Summer Flower Show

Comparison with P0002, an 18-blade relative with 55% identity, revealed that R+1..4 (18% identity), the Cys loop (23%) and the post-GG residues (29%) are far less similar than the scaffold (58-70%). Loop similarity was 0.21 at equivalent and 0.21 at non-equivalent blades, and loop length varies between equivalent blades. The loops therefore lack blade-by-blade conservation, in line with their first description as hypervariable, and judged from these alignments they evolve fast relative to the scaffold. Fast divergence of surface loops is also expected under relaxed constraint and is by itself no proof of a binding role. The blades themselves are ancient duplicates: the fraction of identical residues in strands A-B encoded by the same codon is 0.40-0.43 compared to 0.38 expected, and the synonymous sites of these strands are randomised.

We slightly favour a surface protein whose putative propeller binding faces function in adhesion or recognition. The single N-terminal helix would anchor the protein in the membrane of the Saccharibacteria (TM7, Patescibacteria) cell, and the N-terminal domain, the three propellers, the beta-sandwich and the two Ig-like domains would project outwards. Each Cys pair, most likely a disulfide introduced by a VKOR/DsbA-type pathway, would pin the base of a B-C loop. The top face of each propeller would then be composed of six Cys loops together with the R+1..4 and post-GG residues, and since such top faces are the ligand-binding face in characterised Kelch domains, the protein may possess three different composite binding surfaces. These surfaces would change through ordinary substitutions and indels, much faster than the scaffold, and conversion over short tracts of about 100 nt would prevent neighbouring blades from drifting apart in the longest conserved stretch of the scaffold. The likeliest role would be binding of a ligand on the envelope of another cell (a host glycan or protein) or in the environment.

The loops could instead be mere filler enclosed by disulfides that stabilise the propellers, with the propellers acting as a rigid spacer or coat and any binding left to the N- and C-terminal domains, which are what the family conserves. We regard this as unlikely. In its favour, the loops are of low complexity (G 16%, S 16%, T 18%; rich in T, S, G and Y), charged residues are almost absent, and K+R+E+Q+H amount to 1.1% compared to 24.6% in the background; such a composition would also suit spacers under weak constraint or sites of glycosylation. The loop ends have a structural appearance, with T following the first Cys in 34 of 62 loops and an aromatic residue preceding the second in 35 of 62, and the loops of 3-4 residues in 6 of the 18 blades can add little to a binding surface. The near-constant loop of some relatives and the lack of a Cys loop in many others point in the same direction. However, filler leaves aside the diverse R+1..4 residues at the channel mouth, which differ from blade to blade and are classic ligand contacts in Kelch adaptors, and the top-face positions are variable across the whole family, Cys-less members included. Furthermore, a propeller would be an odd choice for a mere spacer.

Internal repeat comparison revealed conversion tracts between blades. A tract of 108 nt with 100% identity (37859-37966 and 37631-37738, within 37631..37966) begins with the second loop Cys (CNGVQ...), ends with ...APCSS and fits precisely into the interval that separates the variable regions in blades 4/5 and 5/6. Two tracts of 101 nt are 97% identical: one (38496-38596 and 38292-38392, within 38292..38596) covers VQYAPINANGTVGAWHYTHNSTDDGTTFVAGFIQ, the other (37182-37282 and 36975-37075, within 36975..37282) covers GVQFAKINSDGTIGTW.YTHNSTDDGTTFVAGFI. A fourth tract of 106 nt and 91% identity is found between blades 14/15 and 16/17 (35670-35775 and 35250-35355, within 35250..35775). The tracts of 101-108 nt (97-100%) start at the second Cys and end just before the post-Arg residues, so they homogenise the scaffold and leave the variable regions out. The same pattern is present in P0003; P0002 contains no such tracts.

Despite my love of flowers and plants, my garden is a neglected, haphazard place during the summer months. I'm very attentive in the spring and the fall, but since I wither in humid heat and attract every mosquito within a mile, my poor garden is forced to survive with little help from me. By August the bindweed and wild morning glories are well established, and the best I can do is an occasional early morning attack to uncover the few vegetables in my tiny rabbit-proof potager (the only place that gets any consistent sunlight). I joke that the rest of the garden has been planted with invasive species (daylilies and gooseneck loosestrife and liriope), and they just fight it out for territory and keep each other in check. Its not quite true, though, and I have my Summer Flower Show to prove it. I don't grow any showy annuals, but my perennials manage to put out just enough blossoms to fill the "posy" vases on my kitchen windowsill. I've been collecting these vases since I was a teenager. My parents traveled a lot, and my mother would often bring me a tiny one from whatever country she was visiting. After my father retired, they spent part of each year in Portugal, and so I have a number of beautiful hand-painted examples from the Algarve. I manage to collect enough buds during the growing season to keep my vases full, starting with violets, bleeding hearts, and azaleas in the spring and finishing with the last brave roses in the fall. As the blooms inside begin to fade, I grab my cutters (and the insect repellent) and head outside. My color eye wakes up as I hunt for flowers among the green—a bit of purple New York ironweed, some late white hydrangea, a violet budlea. This week I was delighted to discover delicate blue blossoms of balloon flower (Platycodon grandiflorus) in a part of the garden overrun by ivy, and pale pink climbing roses beginning their late August revival. My windowsill flower show is a wonderful reminder of the ebb and flow of the garden, of how even the hottest season produces something to keep the bees and butterflies busy.